Continued from Part 6: Resource potential and oil vs. gas split
The Permian Basin and U.S. energy independence
As we’ve seen, the Permian Basin has been one of the primary drivers of domestic oil growth and has been heralded as one of the pillars to move the country closer to energy independence. The following statistics convey a sense of the recent growth and activity in the region.
The chart below shows the growth in oil produced from the Permian Basin over the past few years. Production in the region had bottomed out in the mid-2000s until beginning to rise around 2007.
Also, the amount of drilling permits issued in the Permian Basin has increased dramatically, having increased nearly threefold from 2009 to 2012.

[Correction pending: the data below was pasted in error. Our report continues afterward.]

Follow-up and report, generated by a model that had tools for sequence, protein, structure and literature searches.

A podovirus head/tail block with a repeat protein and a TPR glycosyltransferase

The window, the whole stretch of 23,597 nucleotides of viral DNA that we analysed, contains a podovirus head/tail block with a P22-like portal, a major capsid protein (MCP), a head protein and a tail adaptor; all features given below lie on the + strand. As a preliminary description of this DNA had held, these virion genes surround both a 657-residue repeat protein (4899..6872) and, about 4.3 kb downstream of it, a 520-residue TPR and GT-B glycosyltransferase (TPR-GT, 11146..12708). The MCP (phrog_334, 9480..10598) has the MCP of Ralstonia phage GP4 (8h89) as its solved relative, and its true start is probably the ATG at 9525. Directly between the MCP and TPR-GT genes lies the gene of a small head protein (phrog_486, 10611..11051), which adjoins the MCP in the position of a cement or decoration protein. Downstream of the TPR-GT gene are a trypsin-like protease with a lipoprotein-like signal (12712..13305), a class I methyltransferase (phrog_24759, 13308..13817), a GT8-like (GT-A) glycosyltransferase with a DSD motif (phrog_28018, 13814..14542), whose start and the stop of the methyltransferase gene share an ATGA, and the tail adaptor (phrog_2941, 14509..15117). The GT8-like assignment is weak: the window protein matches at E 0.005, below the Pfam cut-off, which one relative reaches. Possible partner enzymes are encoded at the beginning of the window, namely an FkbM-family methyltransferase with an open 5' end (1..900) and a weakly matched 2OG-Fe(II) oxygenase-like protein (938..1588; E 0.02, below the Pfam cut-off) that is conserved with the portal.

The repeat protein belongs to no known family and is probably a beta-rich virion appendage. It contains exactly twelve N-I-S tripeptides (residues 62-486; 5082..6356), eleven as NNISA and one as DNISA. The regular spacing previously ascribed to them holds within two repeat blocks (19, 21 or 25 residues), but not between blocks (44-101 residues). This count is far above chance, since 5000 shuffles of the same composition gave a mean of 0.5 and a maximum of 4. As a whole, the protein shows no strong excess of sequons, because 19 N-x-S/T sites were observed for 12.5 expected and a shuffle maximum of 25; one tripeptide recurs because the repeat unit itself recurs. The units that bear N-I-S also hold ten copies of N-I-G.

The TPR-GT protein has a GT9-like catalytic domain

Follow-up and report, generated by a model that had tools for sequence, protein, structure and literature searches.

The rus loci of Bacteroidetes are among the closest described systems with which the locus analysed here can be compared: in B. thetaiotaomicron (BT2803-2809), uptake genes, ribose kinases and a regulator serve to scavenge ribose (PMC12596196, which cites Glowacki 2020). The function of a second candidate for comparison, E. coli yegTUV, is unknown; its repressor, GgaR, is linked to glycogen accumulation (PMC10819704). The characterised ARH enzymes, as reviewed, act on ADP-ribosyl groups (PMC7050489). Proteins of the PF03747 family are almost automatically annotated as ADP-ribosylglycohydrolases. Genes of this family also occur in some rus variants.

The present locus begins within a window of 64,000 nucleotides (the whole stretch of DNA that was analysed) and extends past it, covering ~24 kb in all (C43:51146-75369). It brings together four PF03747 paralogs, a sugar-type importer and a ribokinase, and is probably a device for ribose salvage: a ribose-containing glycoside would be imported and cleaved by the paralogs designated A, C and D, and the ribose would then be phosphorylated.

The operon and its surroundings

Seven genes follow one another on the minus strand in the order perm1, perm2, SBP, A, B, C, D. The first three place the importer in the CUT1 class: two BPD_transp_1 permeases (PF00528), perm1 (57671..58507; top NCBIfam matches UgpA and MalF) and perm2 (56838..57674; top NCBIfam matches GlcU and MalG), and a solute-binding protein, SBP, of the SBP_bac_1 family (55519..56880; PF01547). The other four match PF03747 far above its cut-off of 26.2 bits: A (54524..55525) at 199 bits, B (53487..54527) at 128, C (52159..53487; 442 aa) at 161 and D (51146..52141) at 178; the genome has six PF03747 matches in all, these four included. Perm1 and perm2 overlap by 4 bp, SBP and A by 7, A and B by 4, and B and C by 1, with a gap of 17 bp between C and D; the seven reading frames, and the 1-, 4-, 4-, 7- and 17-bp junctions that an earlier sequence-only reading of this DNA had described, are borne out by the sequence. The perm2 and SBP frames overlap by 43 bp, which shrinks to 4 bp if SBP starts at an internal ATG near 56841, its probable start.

Rig counts in the Permian Basin have increased over fourfold from 2009 to 2012, according to Baker Hughes and the Railroad Commission of Texas.
Not only have rig counts increased, but the composition of horizontal versus vertical rigs has also changed recently. As lately as 2011, 96% of rigs in the Spraberry and Wolfcamp drilling regions of the Permian Basin were vertical rigs, as compared to 77% in May 2013. The prevalence of horizontal drilling has grown, as wells are more expensive upfront, but generally speaking, horizontal wells generate greater hydrocarbon production, making the increased initial cost worth it.
Growth isn’t confined to recent years, but Permian-based companies such as Pioneer (PXD) anticipated greater production in the future as well. The following chart displays PXD’s projections for production in the Spraberry and Wolfcamp formations in the Permian Basin.
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